Russian Nationalism and Xenophobia in July 2020
In July 2020, SOVA Center learned about only one hate-motivated attack which occurred in the Kursk region. According to our data, in total, since the beginning of 2020, fourteen people have faced ideologically motivated violence; one of the victims has died, and three have received death threats.
In July, 30 tombstones were vandalized at a Jewish cemetery in Saint Petersburg. Since the beginning of the year, we are aware of 16 cases of ideologically motivated vandalism.
Public activity of the ultra-right organizations in July was low. It was reduced for the most part to the participation of several individuals in the rallies organized by others, such as the general opposition protest against the constitutional amendments in Pushkin square, the rallies in support of Khabarovsk ex-governor Furgal in Moscow and Perm, etc.
We are not aware of any sentences (*) for hate crimes in July. In total, SOVA Center has learnt about three convictions against six individuals issued for racist violence in 2020 that included a hate motive, and none for vandalism.
Three persons were convicted for “extremist statements” in three regions of the country. One person was fined under Article 205.2 of the Criminal Code (justification of terrorism) for an approving comment on the news about the explosion in the reception area of the Arkhangelsk FSB office. Two persons were convicted under Article 280 of the Criminal Code (public calls for extremist activity) for their posts on VKontakte. One has published calls for xenophobic violence, the other has posted texts and images showing features of “inciting hostility towards Orthodox Christians”.
Since the beginning of 2020, at least 39 sentences for xenophobic statements have been issued for 42 persons in 26 regions of the country.
In July we learned about one conviction under Article 282.2 of the Criminal Code (involvement in the activities of an extremist organization). In Pyatigorsk, Alexander Atamanov was sentenced to five years in prison for involving three persons in the activities of Praviy Sektor (“Right Sector”) and distributing leaflets with the organization’s symbols. This sentence was imposed in conjunction with the article on drug possession.
Since the beginning of the year, we are aware of a total of four sentences against 12 persons for participating in extremist communities.
In July, the Federal List of Extremist Materials was updated twice, on July 14 and 16, with entries 5042-5047. These include xenophobic songs by the bands “P.S.7.62” and “FirstLine. Tambovskie Volki”, popular among the ultra-right, and the nationalist online magazine Zov Smerti (“Call of Death”) that incites to racist violence.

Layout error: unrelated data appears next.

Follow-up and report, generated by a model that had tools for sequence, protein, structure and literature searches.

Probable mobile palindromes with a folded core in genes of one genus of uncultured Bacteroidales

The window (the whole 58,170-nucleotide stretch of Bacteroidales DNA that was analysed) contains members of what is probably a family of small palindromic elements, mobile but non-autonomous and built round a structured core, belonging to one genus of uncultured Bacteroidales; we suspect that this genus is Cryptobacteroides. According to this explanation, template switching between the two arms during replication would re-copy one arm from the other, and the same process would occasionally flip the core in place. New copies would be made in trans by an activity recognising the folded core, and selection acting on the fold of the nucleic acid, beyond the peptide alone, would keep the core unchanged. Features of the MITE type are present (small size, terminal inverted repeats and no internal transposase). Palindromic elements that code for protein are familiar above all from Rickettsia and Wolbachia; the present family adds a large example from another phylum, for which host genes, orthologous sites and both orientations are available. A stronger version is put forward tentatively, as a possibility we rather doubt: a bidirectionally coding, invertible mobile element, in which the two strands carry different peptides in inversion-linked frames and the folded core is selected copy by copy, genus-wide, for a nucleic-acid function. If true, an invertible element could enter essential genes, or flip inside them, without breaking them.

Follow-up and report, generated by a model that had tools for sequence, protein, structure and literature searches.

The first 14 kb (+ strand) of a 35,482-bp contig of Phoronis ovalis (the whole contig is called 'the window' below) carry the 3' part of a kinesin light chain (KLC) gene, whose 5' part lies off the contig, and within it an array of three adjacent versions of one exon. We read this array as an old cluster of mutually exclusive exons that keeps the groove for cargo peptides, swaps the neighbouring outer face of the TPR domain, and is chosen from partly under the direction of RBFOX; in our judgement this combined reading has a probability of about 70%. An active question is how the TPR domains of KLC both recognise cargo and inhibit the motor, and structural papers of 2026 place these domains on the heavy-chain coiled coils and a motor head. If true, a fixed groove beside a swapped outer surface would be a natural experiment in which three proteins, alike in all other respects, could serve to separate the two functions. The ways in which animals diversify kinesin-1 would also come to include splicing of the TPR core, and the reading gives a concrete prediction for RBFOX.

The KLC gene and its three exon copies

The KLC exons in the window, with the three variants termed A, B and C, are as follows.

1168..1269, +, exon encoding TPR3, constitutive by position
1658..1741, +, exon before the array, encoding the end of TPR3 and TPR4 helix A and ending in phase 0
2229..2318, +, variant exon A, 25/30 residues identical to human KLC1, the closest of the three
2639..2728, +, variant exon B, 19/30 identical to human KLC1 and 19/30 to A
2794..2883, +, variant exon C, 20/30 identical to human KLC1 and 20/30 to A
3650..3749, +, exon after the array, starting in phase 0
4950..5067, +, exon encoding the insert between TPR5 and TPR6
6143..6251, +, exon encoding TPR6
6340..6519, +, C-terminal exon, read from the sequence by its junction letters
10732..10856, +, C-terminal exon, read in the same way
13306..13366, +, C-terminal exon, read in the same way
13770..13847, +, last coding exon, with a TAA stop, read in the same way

In July, no entries were added to the list of extremist organizations. One organization, however, was recognized as extremist: the Krasnoyarsk regional court banned the activity of the Nation and Freedom Committee (KNS) for “facts of mass distribution [by members of the organization] of extremist materials, incitement of hostility and hatred towards representatives of various social groups”.
No fewer than five persons were punished under Article 20.3.1 of the Code of Administrative Offenses (incitement to hatred), which corresponds to Part 1 of Article 282 of the Criminal Code. Four persons were fined for posting videos, statements, and comments calling for attacks on Jews, Caucasian natives, non-Slavs in general, and homosexuals on VKontakte social network. The fifth person, the infamous former schema-hegumen Sergiy (Romanov), was fined 18,000 rubles for anti-Semitic statements in his April 25 sermon. Additionally, “calls for the eviction of an uncertain category of persons who call for compliance with self-isolation requirements in the conditions of the spread of coronavirus infection” were found in the sermon. We consider the designation of this group as a vulnerable social group in need of protection by means of anti-extremism legislation unfounded and unjustified. Earlier, in connection with the same sermon, he was fined “for fakes about coronavirus” under Part 9 of Article 13.15 of the Code of Administrative Offenses (dissemination of information of public character known to be unreliable under the guise of reliable reports).
In July, at least five persons were fined under Article 20.29 of the Code of Administrative Offenses (production and dissemination of prohibited materials) for posting on social networks.
Seven persons were punished under Article 20.3 of the Code of Administrative Offenses (propaganda and public display of Nazi symbols and symbols of prohibited organizations). Four of them have posted images with swastikas on VKontakte; one has hung a flag with Nazi symbols from the window; one prison inmate has displayed his own tattoo; and the other inmate has drawn a swastika on the wall of his own cell.
(*) Information about criminal and administrative cases are reported without accounting for the court decisions that we consider to be patently improper. Our data, especially with respect to the Code of Administrative Offenses, are substantially incomplete.